A Step-by-Step Process on Cutting Overgrown Dog Nails

Are you looking to learn and perfect how to trim your dog’s overgrown nails on your own? When you carry out the job with confidence, the process becomes easy and comfortable with a little practice. Yes, even with the most easily startled dogs. Here are the steps to follow to use a grinder the proper way. Before you know it, you’ll be a pro!

Step 1: Make sure your dog is comfortable

For a calm and uneventful grooming session, make sure that your dog is as comfortable as possible. Most pups quickly get used to the process if you start training them early. Make a habit of turning the grinder on to accustom the dog to the noise, and make it a playful event. However, if your pet requires some constraint, be patient. Give your pooch some cuddles and let them relax with a favorite blanket or toy. You can also sweet-talk the dog and play some soothing music. Then, place your furry pal on a table and stand facing their paws.

Step 2: Get in nail trimming position.

Always operate your grinder with your dominant hand. Reserve the other one for holding your dog’s paw. Then, place your thumb squarely on the bottom of the paw pad and let your other fingers circle round the top of it, close to the nail bed. Keep in mind some pups tend to get aggressive when nervous or scared. This behavior is normal to a certain extent. If your dog is excessively jittery, position yourself so that it won’t be easy for them to attack you or harm you accidentally.

Step 3: Identify the quick of the nail.

This part is essential. It is the most delicate part of the nail trimming process since a wrong move can severely injure the dog and lead to bleeding. Remember, the quick contains nerve endings and blood vessels, making it easily noticeable on light nails from its pinkish color. If your pet has dark nails, you need to pay close attention to the nails’ cross-section. A closer look will reveal a greyish or a dark dot indicating that you are near the quick. Once you see the sign, stop further trimming or grinding.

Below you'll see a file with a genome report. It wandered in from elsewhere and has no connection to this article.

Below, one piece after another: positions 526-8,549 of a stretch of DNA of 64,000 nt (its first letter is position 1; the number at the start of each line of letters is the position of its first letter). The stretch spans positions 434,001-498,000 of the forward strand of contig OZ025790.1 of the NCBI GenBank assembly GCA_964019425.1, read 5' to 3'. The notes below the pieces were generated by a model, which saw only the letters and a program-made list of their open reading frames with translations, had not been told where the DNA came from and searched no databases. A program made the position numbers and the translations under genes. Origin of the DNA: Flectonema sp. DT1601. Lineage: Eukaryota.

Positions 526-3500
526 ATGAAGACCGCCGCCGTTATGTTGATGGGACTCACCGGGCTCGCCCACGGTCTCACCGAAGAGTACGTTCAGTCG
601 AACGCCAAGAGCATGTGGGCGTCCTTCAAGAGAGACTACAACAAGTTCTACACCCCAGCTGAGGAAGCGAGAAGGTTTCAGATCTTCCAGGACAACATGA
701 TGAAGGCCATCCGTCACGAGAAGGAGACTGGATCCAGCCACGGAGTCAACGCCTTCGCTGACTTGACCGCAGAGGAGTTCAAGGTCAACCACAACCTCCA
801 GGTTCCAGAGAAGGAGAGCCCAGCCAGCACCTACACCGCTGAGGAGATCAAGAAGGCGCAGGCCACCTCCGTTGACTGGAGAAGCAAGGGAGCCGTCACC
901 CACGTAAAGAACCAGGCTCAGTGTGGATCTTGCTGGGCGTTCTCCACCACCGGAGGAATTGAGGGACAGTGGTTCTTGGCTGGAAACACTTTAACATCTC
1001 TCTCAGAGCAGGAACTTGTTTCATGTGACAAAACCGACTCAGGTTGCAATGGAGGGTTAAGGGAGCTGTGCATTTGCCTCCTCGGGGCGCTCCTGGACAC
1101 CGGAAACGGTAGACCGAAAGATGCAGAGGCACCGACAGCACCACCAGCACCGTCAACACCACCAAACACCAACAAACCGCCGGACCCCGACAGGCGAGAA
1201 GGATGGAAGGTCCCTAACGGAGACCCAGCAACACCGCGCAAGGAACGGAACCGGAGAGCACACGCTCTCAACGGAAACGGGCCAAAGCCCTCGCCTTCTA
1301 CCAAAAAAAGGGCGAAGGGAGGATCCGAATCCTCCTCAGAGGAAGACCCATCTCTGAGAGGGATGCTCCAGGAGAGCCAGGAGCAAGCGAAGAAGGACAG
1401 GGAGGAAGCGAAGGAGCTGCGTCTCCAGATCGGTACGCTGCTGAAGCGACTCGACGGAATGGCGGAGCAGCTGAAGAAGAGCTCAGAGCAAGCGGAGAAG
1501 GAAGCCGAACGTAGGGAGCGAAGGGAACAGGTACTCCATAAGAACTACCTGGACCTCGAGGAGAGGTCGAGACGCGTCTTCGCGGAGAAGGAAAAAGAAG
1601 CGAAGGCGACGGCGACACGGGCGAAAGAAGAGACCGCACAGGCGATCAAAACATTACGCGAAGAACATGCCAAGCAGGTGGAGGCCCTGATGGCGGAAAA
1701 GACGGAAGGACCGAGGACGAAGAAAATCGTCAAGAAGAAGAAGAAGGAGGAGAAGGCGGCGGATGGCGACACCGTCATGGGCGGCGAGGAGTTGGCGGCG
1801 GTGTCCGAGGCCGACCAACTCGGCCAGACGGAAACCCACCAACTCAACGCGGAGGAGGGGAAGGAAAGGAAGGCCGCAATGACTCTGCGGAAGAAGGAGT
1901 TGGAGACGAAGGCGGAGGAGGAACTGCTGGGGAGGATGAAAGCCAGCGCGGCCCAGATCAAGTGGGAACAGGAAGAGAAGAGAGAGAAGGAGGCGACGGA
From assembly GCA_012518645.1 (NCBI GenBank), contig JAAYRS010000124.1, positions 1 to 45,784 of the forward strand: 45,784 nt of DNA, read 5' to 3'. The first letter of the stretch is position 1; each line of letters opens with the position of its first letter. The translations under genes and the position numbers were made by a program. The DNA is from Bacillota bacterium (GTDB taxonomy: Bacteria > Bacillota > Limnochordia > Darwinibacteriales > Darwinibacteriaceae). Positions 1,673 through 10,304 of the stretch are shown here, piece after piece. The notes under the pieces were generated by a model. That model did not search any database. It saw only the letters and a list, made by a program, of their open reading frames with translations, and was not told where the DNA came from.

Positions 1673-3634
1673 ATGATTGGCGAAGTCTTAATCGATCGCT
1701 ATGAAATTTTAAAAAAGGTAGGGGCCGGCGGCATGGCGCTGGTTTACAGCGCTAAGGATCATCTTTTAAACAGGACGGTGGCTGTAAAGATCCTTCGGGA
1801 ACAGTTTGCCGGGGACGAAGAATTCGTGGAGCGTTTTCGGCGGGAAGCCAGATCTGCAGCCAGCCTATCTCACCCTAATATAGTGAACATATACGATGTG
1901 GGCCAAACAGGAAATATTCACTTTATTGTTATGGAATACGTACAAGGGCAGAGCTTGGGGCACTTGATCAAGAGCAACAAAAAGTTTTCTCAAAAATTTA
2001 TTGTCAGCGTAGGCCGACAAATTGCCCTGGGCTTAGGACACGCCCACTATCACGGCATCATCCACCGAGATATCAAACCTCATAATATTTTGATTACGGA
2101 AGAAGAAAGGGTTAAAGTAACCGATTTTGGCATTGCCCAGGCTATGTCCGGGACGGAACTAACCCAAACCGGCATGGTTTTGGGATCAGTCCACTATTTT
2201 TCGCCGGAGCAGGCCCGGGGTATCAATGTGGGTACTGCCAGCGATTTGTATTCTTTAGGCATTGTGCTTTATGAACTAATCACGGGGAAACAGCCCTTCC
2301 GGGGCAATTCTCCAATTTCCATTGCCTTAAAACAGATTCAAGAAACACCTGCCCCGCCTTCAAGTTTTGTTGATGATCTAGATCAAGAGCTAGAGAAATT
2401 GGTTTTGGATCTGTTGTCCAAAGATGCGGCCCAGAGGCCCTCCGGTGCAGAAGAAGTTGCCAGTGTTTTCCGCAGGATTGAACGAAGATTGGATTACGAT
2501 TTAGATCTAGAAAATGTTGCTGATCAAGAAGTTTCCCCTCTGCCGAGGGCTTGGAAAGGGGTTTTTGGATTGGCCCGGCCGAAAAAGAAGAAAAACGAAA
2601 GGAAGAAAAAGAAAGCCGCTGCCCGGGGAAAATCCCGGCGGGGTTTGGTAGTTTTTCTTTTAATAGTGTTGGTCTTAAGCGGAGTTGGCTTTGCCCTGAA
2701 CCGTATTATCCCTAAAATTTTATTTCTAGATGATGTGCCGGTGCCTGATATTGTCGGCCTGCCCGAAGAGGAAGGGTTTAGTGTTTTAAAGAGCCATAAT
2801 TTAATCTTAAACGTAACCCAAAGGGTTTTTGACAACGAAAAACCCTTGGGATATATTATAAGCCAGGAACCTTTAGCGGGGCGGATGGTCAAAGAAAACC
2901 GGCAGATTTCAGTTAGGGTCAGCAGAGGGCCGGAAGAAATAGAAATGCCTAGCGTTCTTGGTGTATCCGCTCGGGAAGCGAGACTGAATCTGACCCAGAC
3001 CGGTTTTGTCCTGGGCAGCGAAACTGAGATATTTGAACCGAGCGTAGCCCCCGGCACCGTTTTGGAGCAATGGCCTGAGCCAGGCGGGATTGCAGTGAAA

Step 4: Trim or grind the nail quickly, safely, and confidently.

To avoid harming your good boy, be slow and meticulous with the process. Begin by cutting from the nail’s bottom and proceed to the top until you get close to the quick. Concentrate more on the whitish, dead area of the nail. Once you have identified the part to trim or grind, act quickly and precisely to reach the intended length. In case of accidental injury, apply cornstarch or clotting powder to stop the bleeding. Your pooch should be just fine in no time!

Step 5: Repeat the process until you get to trim all of your dog's overgrown nails.

Once you have trimmed all the nails, repeat the process slowly, and ensure that each of them is slightly shorter than the pad. You can even fine-touch the job with a polishing attachment. This way, you’ll double-check that you didn’t leave any overgrown nails behind. Be sure to trim the dewclaw nail. This final step is critical for professional results.

Shop LuckyTail Nail Grinder

How Often to Trim Dog Nails

Dog nails that have grown too long are easy to take care of. Don't skip this vital task! Consistently grooming your dog is crucial to keeping the nails comfortably short and healthy. So, create some time at least once a month and give your dog a nail spa experience. The routine is also good for bonding. Find out how often you should trim dog nails in this article. Good luck!